The Journal of Ethics

, 15:227 | Cite as

Interpreting Rawls: An Essay on Audard, Freeman, and Pogge

  • Henry S. Richardson


This review essay on three recent books on John Rawls’s theory of justice, by Catherine Audard, Samuel Freeman, and Thomas Pogge, describes the great boon they offer serious students of Rawls. They form a united front in firmly and definitively rebuffing Robert Nozick’s libertarian critique, Michael Sandel’s communitarian critique, and more generally critiques of “neutralist liberalism,” as well as in affirming the basic unity of Rawls’s position. At a deeper level, however, they diverge, and in ways that, this essay suggests, go astray on subtle questions of interpretation: Freeman overemphasizes reciprocity, Pogge miscasts Rawls as a consequentialist, and Audard exaggerates the Kantian aspect of Rawls’s core, continuing commitment to “doctrinal autonomy.”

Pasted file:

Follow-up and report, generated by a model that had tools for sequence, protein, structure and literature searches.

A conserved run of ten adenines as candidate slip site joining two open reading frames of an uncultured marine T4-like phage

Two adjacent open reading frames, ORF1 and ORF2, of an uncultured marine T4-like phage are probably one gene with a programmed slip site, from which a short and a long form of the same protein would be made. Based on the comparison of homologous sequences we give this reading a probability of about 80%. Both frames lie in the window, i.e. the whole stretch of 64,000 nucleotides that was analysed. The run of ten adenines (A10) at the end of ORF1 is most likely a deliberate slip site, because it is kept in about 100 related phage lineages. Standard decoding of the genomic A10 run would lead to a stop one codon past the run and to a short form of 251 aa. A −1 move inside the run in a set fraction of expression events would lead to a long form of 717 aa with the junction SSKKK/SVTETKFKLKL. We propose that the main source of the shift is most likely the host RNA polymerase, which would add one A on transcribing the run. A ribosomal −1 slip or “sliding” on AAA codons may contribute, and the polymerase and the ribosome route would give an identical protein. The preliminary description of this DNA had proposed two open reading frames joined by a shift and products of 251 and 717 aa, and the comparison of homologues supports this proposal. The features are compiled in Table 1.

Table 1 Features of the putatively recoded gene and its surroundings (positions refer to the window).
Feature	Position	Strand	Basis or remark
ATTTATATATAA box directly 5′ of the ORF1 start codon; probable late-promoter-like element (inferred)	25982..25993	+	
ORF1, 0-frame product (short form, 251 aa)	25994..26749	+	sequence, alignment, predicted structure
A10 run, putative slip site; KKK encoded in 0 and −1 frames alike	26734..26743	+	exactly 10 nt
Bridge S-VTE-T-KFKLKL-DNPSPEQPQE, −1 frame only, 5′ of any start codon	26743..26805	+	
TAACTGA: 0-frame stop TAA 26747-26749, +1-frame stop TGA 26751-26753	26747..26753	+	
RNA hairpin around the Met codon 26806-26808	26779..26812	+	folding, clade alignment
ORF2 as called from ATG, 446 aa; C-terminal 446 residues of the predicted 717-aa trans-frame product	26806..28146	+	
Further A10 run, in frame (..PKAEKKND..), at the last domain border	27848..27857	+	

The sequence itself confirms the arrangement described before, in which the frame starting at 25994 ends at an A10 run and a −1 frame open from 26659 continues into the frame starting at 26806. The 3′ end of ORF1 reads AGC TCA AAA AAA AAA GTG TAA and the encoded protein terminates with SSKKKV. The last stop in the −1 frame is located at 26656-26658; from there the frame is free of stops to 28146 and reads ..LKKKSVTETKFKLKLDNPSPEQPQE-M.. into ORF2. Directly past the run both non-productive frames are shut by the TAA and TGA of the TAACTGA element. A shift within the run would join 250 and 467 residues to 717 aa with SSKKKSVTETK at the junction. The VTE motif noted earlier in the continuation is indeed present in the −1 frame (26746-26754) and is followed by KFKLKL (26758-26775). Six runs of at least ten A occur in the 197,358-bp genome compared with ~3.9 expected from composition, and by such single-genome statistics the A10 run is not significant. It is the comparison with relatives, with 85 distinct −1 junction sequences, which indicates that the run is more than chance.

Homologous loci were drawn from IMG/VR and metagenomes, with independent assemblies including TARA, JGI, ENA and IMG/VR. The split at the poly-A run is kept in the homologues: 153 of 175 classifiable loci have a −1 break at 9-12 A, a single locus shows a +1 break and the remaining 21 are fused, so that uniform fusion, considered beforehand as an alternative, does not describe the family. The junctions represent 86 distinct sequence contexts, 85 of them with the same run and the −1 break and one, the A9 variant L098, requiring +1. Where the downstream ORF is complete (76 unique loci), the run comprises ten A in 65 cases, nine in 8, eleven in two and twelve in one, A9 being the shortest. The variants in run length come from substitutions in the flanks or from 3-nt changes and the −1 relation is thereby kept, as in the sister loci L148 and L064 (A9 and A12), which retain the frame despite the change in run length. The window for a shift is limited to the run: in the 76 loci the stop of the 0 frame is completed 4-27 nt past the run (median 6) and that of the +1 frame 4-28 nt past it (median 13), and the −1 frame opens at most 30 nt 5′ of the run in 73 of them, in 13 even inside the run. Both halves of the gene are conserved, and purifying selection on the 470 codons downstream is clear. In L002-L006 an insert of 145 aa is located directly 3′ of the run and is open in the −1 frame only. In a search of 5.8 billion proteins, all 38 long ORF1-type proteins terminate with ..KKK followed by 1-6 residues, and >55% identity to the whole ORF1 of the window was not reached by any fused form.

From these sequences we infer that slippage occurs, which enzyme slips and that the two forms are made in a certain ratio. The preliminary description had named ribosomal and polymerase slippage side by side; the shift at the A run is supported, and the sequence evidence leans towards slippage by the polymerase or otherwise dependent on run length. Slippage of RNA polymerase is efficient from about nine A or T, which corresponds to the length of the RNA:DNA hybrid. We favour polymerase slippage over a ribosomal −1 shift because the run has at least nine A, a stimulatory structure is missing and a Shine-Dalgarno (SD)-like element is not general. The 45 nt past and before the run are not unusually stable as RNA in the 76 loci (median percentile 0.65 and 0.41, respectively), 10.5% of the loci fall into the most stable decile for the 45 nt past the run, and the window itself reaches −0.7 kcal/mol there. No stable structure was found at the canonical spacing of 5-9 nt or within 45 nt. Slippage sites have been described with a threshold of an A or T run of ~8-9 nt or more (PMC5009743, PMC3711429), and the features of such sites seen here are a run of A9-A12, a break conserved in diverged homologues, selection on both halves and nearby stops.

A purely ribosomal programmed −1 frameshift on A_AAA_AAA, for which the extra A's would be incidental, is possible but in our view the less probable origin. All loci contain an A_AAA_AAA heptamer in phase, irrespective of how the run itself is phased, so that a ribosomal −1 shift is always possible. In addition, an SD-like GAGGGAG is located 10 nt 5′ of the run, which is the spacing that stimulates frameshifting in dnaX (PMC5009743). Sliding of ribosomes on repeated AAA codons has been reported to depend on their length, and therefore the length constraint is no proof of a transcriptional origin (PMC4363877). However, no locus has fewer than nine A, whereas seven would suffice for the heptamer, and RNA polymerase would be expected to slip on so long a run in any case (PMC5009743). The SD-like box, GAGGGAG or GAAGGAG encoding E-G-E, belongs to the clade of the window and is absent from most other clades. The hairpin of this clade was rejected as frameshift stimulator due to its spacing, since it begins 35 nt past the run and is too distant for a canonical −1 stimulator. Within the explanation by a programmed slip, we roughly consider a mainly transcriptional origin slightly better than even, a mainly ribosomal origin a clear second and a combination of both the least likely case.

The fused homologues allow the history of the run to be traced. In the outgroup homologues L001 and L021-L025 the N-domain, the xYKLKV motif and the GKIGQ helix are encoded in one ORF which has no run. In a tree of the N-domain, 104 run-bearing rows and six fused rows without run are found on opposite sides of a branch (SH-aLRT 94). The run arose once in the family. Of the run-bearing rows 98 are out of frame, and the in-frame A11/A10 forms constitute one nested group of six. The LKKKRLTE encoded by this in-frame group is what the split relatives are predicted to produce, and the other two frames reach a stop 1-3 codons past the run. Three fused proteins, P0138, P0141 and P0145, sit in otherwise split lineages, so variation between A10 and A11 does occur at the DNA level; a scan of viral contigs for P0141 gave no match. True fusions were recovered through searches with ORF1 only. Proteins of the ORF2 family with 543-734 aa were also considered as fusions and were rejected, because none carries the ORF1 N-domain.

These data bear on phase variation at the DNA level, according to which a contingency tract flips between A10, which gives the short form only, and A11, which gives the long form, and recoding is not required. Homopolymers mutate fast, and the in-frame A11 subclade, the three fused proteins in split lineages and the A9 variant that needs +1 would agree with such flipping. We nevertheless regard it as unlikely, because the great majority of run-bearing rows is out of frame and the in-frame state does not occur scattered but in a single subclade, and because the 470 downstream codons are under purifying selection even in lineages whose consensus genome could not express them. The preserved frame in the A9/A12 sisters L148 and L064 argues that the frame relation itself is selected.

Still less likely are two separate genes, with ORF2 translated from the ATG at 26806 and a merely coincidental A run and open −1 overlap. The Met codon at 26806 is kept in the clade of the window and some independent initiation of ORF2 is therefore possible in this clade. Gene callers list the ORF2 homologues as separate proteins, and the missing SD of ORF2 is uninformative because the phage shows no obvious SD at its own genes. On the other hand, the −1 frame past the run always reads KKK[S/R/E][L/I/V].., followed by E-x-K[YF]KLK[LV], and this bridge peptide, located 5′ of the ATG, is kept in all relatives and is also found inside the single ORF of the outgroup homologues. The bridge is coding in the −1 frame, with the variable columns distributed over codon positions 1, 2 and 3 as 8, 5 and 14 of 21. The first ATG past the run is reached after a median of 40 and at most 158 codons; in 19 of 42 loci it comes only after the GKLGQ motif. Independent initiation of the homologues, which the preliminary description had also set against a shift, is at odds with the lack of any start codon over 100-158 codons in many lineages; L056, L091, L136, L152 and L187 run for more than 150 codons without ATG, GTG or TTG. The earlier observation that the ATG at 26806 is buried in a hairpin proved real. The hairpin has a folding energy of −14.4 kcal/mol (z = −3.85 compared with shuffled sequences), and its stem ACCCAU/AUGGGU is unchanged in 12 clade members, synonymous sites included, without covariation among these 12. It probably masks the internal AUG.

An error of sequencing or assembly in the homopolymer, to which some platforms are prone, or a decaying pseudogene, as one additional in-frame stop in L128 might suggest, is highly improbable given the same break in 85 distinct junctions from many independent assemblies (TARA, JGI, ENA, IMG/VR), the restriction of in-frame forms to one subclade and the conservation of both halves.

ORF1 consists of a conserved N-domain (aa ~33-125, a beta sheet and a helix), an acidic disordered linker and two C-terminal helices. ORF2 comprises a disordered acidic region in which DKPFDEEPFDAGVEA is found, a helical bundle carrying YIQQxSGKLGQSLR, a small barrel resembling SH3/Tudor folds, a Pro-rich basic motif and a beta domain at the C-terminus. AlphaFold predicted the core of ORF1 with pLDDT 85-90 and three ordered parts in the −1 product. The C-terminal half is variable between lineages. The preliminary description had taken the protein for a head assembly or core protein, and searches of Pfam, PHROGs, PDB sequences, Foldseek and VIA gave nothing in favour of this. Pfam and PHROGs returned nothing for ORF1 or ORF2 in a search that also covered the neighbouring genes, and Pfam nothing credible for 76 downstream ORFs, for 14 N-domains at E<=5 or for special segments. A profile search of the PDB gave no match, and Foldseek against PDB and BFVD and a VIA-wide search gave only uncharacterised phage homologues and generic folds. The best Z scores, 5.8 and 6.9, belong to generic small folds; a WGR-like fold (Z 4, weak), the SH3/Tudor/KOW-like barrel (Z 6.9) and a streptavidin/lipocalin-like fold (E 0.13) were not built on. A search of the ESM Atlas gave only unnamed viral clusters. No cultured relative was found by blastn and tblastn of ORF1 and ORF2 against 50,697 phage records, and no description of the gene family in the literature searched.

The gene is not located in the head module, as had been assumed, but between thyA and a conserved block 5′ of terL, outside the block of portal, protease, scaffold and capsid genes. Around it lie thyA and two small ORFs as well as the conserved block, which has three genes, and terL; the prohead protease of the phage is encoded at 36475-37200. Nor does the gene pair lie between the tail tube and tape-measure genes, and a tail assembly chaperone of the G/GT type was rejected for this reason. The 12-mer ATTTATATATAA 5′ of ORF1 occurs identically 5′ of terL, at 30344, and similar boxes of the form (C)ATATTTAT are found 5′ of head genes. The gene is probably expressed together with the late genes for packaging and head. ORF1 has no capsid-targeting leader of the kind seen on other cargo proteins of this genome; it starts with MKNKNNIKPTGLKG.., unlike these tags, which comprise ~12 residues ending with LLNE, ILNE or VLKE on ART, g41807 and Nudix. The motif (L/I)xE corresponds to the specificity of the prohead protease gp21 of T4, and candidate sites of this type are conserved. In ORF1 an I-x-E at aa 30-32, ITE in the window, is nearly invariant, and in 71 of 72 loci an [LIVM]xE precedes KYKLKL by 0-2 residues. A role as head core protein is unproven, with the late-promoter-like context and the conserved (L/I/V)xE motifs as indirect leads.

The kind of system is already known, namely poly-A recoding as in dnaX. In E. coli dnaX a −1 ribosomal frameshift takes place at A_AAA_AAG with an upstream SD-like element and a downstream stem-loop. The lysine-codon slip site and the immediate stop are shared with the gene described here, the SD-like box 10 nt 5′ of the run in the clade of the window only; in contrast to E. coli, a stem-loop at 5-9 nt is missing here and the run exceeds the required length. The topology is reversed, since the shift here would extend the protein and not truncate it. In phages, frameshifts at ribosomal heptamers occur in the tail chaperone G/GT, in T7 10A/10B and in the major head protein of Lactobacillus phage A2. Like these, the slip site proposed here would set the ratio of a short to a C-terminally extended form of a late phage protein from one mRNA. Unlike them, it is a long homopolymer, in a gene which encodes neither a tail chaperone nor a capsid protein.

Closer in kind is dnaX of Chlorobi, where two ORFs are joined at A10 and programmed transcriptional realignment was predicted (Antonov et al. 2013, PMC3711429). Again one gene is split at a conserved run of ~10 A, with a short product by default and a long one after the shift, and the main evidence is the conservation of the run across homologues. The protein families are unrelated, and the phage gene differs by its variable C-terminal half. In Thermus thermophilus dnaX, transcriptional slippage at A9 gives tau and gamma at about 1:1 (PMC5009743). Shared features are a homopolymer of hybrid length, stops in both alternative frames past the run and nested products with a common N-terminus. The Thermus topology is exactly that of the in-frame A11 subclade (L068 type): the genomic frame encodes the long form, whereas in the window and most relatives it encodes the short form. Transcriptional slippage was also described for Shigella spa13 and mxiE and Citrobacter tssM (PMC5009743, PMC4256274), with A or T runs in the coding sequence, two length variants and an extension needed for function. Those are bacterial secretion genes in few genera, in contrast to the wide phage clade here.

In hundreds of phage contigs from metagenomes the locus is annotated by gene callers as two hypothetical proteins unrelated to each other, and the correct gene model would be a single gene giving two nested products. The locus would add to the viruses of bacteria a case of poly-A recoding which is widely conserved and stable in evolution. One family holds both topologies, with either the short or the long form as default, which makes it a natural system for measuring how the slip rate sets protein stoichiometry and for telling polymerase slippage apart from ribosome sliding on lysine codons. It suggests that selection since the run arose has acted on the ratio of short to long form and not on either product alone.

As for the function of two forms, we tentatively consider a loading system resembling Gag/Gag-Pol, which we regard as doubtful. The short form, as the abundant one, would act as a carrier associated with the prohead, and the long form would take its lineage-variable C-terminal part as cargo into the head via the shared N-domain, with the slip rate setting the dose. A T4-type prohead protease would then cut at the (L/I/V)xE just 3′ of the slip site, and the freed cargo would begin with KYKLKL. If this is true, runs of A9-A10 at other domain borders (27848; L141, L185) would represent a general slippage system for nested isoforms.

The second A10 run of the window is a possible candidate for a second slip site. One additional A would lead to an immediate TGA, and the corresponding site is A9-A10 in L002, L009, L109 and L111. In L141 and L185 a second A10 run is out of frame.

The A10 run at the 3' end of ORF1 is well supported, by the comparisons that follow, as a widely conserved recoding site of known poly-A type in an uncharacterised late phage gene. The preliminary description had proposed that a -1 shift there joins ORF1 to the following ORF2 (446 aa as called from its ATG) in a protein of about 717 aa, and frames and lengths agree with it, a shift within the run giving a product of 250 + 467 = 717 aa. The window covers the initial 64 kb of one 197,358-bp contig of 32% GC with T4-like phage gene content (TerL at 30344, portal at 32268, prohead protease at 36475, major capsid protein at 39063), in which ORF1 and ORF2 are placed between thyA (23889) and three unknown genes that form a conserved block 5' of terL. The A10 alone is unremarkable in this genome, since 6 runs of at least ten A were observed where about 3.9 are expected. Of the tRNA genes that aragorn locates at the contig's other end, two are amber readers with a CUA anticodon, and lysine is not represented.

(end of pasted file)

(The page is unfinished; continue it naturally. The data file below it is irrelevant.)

Rawls, John Audard, Catherine Freeman, Samuel Pogge, Thomas Justice Reciprocity Consequentialism Autonomy 


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  3. Pogge, Thomas. 2007. John Rawls: His life and theory of justice (trans. Michelle Kosch). Oxford: Oxford University Press.Google Scholar
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Copyright information

© Springer Science+Business Media B.V. 2011

Authors and Affiliations

  1. 1.Georgetown UniversityWashingtonUSA

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